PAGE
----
Kudelski Group and Apple settle patent litigation

“Digital security specialist Kudelski Group has entered into a comprehensive patent license agreement with Apple,” Colin Mann reports for Advanced Television.

“In March 2016, a German court ruled against Apple in a video streaming patent case brought by Kudelski’s OpenTV unit in May 2014,” Mann reports. “Several Apple products and services had been alleged to be infringing the video streaming patents — including its iOS mobile devices, Apple TV, App Store, and OS X-based personal computers.”

“Under the agreement announced in a brief statement from Kudelski, the parties agreed to dismiss all pending patent litigation,” Mann reports. “Financial terms were not disclosed.”

Read more in the full article here.

MacDailyNews Take: √.

OpenTV and Nagravision file patent infringement lawsuits against Apple in Germany – May 12, 2014
OpenTV and Nagravision file patent lawsuit against Apple – April 10, 2014


  1. Apple agreeing to licence the patented technology from Kudelsky is an excellent result for both parties. I felt it was inevitable that Apple would do this as Kudelsky had already taken on Cisco, Verizon, Yahoo and Netflix, requiring each of them to pay for licensing Kudelsky’s technology.

    The Swiss company Kudelsky might not be particularly well known, but they’re hugely respected in the broadcasting industry and have been in business since the 1950’s. In recent years they have moved away from building the world’s finest tape recorders towards developing advanced video streaming solutions. They own 4.500 patents relating to TV technology.

  2. Kudelski used to make the greatest tape recorders in the world. Utterly reliable, built like a fecking battleship and you could even run with them without the slightest flutter or dropout in the recording. The Nagra IV-S was the ultimate analogue stereo field recorder.

    They can still command silly money second-hand even today.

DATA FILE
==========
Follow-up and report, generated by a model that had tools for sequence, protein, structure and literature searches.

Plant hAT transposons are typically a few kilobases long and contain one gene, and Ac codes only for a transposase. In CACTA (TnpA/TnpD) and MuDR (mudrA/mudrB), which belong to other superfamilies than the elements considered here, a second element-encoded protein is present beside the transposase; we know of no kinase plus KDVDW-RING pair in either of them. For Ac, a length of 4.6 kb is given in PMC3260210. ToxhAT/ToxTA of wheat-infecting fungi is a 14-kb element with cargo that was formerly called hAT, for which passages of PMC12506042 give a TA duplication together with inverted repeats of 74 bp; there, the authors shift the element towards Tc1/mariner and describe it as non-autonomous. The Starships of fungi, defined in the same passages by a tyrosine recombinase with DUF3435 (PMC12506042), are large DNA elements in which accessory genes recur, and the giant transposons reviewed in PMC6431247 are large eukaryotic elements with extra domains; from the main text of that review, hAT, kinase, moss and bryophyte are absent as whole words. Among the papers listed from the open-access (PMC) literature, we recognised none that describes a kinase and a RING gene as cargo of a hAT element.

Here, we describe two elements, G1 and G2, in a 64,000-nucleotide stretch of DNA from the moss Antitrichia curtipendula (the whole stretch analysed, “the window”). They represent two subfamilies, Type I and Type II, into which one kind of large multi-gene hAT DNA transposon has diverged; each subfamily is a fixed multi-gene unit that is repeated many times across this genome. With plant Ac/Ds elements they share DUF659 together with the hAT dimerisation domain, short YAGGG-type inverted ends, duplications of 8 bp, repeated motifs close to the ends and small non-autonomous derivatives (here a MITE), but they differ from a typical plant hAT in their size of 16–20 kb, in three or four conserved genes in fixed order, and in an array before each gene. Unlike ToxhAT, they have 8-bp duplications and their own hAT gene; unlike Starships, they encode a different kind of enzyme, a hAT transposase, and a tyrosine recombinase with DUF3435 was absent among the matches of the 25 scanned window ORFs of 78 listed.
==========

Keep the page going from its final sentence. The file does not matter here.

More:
1. The most amazing Nagra, indeed the most sophisticated reel to reel tape recorder that I’ve ever used was Nagra’s only studio recorder, the Nagra T, which they built in the late 1980s. It used five motors for the transport. One for each reel, one to engage the idler wheels and bring the tape into contact with the heads and two motors for the two capstans, one at each end of the head block. Using two capstans ensured that the tape was passed across the heads in a way that was highly resistant to wow and flutter – even when there were issues with sticky edits or tape binding on the reel flanges.

      The control panel was ridiculously difficult to use and my department in the BBC liaised with Stefan Kudelsky personally to redesign a Mk II control panel that was much better suited for studio operations. That control panel became the more commonly specified one. We also got them to remove the little key with an icon of scissors on it, which did exactly what it suggested. A tiny pair of precision scissors would pop up and cut the tape for editing. We felt that it was too dangerous for our purposes if it got accidentally pressed in the heat of the moment during a programme.

      The rewind speed was incredible, at better than 10 metres per second. When Stefan Kudelsky was demoing a Nagra T for group of about ten of us at our offices, he was proud of that remarkable rewind speed. I asked him what would happen if we were rewinding a master tape and lost power ( we often took power from generators, so this was a likely scenario for us ). He said that he didn’t honestly know, but that he couldn’t imagine it being a problem. To show his confidence in his engineers, he pointed out that the tape loaded onto the machine was a master tape recorded by Deutsche Gramophone and was irreplaceable. He cranked it up to full rewind speed and invited me to remove the power plug from the wall. It stopped gracefully and the tape was not subjected to any inappropriate stress and didn’t even leave a loop of slack tape.

      He sent a fax to us a few days later and explained that when he checked with his engineers, they had anticipated this eventuality and designed it in such a way that if power were lost while the tape was being rewound, the motors in the reels would be become generators, which then provided emergency power to the control circuitry and switched in a ballast load to act as a brake ( much like as is done on electric cars these days ).

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